New Smartphone Security Protocol Could Prove More Effective than Passwords, Gestures

Any numberNew Smartphone Security Protocol Could Prove More Effective than Passwords, Gestures e-Reading Hardware Security & Privacy of solutions to the smartphone theft problem have been proposed, including a few that were more melodramatic than practical, and now a team of researchers at Georgia Tech is proposing a new solution that could prove more secure than passwords or gestures.

They've developed a new system that learns how the device's owner interacts with the screen, and then watches how each subsequent interaction is carried out. If the movements don’t match the owner’s profile, the system recognizes the differences and can be programmed to lock the device.

The system is called LatentGesture, and it is going to be presented in Toronto at ACM Chinese CHI 2014 from April 26 to 27. It has been tested in the lab on 20 test subjects, and it has proven nearly 98% accurate on a smartphone and 97% correct on tablets - in the lab.

The test subjects were asked to complete a set of tasks, including tapping buttons, checking boxes and swiping slider bars on a phone and tablet to fill out the form. The system tracked their tendencies and created a profile for each person.

The researchers designated one subject's profile as the owner of each test device and then had the test subjects repeat the earlier test. LatentGesture successfully matched the owner and flagged everyone else as unauthorized users.

"Just like your fingerprint, everyone is unique when they use a touchscreen," said Polo Chau, a Georgia Tech College of Computing assistant professor who led the study. "Some people slide the bar with one quick swipe. Others gradually move it across the screen. Everyone taps the screen with different pressures while checking boxes."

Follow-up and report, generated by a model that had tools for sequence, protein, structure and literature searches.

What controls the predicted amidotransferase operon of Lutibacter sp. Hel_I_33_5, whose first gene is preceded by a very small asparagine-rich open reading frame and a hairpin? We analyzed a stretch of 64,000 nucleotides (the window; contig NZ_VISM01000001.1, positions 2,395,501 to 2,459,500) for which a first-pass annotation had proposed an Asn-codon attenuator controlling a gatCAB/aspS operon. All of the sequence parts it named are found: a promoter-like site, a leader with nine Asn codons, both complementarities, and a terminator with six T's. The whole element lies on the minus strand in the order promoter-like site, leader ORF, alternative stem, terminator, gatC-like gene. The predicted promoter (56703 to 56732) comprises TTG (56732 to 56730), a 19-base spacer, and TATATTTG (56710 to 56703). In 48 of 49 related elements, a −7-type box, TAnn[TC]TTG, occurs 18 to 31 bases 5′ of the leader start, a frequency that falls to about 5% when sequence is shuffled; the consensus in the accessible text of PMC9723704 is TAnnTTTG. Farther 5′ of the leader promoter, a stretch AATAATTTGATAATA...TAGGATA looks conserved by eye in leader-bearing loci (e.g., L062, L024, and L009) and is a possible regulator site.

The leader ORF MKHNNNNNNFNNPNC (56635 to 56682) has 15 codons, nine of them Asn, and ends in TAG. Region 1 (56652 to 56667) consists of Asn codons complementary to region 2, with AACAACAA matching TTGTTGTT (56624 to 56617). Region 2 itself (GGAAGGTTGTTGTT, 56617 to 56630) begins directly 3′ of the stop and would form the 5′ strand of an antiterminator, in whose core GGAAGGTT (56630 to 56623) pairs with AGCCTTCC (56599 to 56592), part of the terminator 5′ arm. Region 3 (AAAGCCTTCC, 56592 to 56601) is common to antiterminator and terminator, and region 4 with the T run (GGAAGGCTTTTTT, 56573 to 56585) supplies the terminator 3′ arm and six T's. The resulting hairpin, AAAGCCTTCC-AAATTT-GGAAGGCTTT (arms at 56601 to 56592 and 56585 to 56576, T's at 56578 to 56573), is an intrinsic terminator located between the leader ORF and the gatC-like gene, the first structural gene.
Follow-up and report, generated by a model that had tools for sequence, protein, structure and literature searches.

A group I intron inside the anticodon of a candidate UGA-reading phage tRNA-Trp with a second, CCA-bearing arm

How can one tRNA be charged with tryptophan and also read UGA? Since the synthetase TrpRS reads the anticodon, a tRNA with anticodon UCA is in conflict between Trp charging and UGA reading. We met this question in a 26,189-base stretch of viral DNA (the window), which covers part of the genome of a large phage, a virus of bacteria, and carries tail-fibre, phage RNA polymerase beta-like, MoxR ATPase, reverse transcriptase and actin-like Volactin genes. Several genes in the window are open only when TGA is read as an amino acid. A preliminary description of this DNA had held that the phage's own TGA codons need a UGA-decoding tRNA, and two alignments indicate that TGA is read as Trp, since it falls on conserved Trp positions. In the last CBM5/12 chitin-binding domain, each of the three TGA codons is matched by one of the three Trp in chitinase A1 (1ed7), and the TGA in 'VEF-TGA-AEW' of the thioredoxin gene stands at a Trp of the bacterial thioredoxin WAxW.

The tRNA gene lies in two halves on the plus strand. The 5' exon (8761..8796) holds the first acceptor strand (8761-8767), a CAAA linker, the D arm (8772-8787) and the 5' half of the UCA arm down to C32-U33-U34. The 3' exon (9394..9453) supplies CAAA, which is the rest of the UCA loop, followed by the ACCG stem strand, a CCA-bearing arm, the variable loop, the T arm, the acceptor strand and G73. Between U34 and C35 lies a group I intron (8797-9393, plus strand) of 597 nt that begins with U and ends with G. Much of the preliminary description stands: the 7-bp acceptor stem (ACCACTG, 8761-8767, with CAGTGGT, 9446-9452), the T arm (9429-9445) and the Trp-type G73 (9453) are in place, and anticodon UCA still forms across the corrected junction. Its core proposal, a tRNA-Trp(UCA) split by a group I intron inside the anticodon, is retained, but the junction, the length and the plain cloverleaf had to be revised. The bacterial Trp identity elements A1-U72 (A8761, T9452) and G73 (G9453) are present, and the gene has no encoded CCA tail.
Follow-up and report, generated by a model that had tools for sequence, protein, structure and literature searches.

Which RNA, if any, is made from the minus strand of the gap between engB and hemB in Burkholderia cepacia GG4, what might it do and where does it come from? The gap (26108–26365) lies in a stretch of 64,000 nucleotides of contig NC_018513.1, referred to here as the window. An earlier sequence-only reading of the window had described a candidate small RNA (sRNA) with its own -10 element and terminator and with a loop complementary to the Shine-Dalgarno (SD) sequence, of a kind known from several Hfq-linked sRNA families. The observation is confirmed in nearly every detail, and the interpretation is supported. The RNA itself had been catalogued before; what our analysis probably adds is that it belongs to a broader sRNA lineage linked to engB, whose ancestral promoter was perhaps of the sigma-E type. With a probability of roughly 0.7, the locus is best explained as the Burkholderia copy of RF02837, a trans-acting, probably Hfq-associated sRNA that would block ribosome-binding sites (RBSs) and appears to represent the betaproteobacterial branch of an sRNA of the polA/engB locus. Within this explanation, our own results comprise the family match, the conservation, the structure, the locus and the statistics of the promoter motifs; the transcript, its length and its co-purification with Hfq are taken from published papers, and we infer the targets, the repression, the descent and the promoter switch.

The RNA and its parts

In addition to recognizing the owner, the research team has also configured the system to store 5 profiles, enabling the device to be shared. "This feature could be used when a child uses her dad’s tablet," said College of Computing sophomore Premkumar Saravanan. "The system would recognize her touch signature and allow her to use the device. But if she tried to buy an app, the system could prevent it."

As a passive security system, LatentGesture has a number of advantages over passwords and gestures. At the very least, a thief won't be able to get around your security simply by deducing a security password or gesture simply by looking at the pattern of smudges on the screen.

Georgia Tech

 

 

Nate Hoffelder

View posts by Nate Hoffelder
Nate Hoffelder is the founder and editor of The Digital Reader: He's here to chew bubble gum and fix broken websites, and he is all out of bubble gum. He has been blogging about indie authors since 2010 while learning new tech skills at the drop of a hat. He fixes author sites, and shares what he learns on The Digital Reader's blog. In his spare time, he fosters dogs for A Forever Home, a local rescue group.

1 Comment

  1. Gary9 April, 2014

    It sounds interesting, but any security app like this would have to have a backdoor. What if, for example, you break your dominant hand and have to wear a cast for 6 weeks. Using your other hand will not be recognized by the app.

    So, you would have to turn off the app, by entering, for example, a long and complicated password.

    Reply

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